Inspired by a similar list from Olio and since we are in the customary season to make new year’s resolutions*, here are five easy-to-adopt ways to help protect our environment as we step into 2018.
1) Say no to plastic
A million plastic bottles are bought around the world every minute – if we don’t swiftly change our consumption patterns, by 2050 there will be more plastic than fish in our oceans.
Join BYO Singapore, a campaign by Zero Waste Singapore targeted at minimizing the use of plastic disposables. Drink from reusable bottles at your office, replace your take-away coffee cups with a KeepCup or a tumbler, and say no to plastic straws.
Keep a canvas tote bag in your purse for your grocery runs and even if you are time-pressed to pack a home-cooked lunch (especially as prices to eat out in Singapore often beat the cost of preparing your own meal!), bring along your Tupperware to take away food from your favourite food stall.
Food retailers in Singapore have started to offer perks to customers who are willing to jump on the BYO bandwagon – here is a list of the ones that provide discounts for the use of reusables.
2) Eat less meat
Livestock production accounts for 14.5% of global greenhouse gas emissions – giving up beef would have a more positive impact on our carbon footprint than cars.
Get your protein intake from inexpensive alternatives such as lentils, beans, chickpeas, tofu or tempeh, a soy-based South East Asian staple – cutting down on your meat consumption will benefit both your health and the environment.
3) Avoid fast fashion
The apparel industry is the biggest polluter after oil, yet overconsumption continues to run rampant in the sector, especially with the rise of fast fashion. The affordable, runway-to-retail segment has dramatically reduced the duration of fashion cycles, mirrored by clothes ending up in the landfill at a faster rate and their toxic chemicals contaminating our soil and groundwater.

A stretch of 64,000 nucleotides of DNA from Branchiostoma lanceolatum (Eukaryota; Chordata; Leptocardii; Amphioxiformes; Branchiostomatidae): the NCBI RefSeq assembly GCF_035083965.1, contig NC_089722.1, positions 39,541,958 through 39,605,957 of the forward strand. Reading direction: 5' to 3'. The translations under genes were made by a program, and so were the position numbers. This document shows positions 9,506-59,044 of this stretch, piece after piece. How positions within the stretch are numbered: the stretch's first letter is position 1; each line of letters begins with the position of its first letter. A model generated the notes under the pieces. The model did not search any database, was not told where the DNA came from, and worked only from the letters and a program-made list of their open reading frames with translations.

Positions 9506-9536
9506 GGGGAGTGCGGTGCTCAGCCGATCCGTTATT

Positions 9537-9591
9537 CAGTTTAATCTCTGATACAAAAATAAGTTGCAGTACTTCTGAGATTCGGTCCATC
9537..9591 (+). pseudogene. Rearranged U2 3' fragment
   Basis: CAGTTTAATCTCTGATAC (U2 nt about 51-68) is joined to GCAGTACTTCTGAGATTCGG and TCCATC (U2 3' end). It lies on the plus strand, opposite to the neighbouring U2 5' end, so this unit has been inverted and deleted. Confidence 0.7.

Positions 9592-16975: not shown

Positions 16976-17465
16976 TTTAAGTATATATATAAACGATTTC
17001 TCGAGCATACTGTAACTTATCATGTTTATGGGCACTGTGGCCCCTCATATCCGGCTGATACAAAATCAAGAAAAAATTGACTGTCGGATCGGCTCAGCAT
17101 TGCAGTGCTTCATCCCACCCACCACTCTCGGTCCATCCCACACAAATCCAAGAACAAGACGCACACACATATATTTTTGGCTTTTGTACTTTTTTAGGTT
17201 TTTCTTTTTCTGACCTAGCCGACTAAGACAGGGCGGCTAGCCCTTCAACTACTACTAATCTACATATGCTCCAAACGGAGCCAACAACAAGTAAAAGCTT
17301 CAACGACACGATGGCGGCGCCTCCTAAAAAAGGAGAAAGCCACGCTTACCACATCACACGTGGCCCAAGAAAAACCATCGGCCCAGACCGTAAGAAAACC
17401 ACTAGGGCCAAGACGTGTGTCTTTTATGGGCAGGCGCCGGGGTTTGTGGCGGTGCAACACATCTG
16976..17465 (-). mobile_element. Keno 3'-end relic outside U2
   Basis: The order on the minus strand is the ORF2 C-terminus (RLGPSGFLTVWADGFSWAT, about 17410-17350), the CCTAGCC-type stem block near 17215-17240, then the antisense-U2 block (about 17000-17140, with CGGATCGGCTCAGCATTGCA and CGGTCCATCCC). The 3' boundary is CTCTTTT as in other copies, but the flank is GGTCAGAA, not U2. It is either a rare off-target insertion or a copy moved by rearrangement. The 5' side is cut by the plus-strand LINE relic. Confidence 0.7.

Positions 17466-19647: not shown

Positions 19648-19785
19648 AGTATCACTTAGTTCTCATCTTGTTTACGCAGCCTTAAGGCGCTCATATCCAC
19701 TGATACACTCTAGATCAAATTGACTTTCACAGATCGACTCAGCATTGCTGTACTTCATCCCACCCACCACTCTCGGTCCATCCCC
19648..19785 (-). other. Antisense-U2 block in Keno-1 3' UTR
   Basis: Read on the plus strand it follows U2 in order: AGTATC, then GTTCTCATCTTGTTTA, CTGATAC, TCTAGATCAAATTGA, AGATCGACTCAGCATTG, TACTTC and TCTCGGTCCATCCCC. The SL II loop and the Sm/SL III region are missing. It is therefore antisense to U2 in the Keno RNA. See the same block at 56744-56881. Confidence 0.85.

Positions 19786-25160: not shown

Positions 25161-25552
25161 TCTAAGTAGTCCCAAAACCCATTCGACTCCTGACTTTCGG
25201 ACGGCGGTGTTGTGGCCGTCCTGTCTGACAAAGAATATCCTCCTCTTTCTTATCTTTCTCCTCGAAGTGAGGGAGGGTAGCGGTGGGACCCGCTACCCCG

The average consumer today buys 60% more clothes compared to the early 2000s, but keeps each garment for only half as long. Polyester production for textiles in 2015 alone contributed to releasing 706 billion kg worth of greenhouse gases, the equivalent of the annual emission of 185 coal-fired power plants.
The solution? Shop less, buy second-hand if possible, and prioritise quality (and eco-friendly materials) over quantity in your clothing selection – a win-win situation for both your wallet and the planet.
4) Use eco-friendly sanitary products
The disposable female hygiene industry is a multi-billion dollar business thriving on the back of persistent cultural taboos associated with menstruation and its harmful environmental impact.
Invest in a menstrual cup, a female hygiene product made out of medical-grade silicone that’s more environmentally friendly, toxin-free and more economical than conventional sanitary products such as tampons or pads.
Freedom Cups ships locally in Singapore and offers an added bonus to the socially conscious consumer: For every purchase, a cup will be given free of charge to a girl in a developing country, where access to sanitation continues to be poor and women are shunned for having their period.
5) Minimize your food waste
1.3 billion tons of food is wasted from farm to fork every year, and saving only a quarter of this amount would be enough to feed 795 million hungry mouths. If food waste was a country, it would be the third largest emitter of greenhouse gas after the US and China.
How can you make a difference? Plan your meals in advance, freeze food to extend its shelf life, and lose the false mindset that fruits and vegetables need to look perfect to be nutritious. Interpret expiry labels correctly and if you have unwanted non-perishable food items, donate them to your local food bank.
*Though the five resolutions are universally applicable, the organizations and initiatives mentioned in this blog are specific to the author’s location in Singapore.
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Asia Correspondent & Regional Representative. Based out of Singapore and Indonesia, Trang is in charge of editorial content and strategy for Causeartist in Asia, leading the media platform’s expansion in the region. In addition to her role at Causeartist, she divides her time between content and marketing strategy at Thomson Reuters, as a freelance contributor to publications focused on social and environmental issues, and as a consultant on international development projects on topics ranging from sustainable development to education and women’s rights.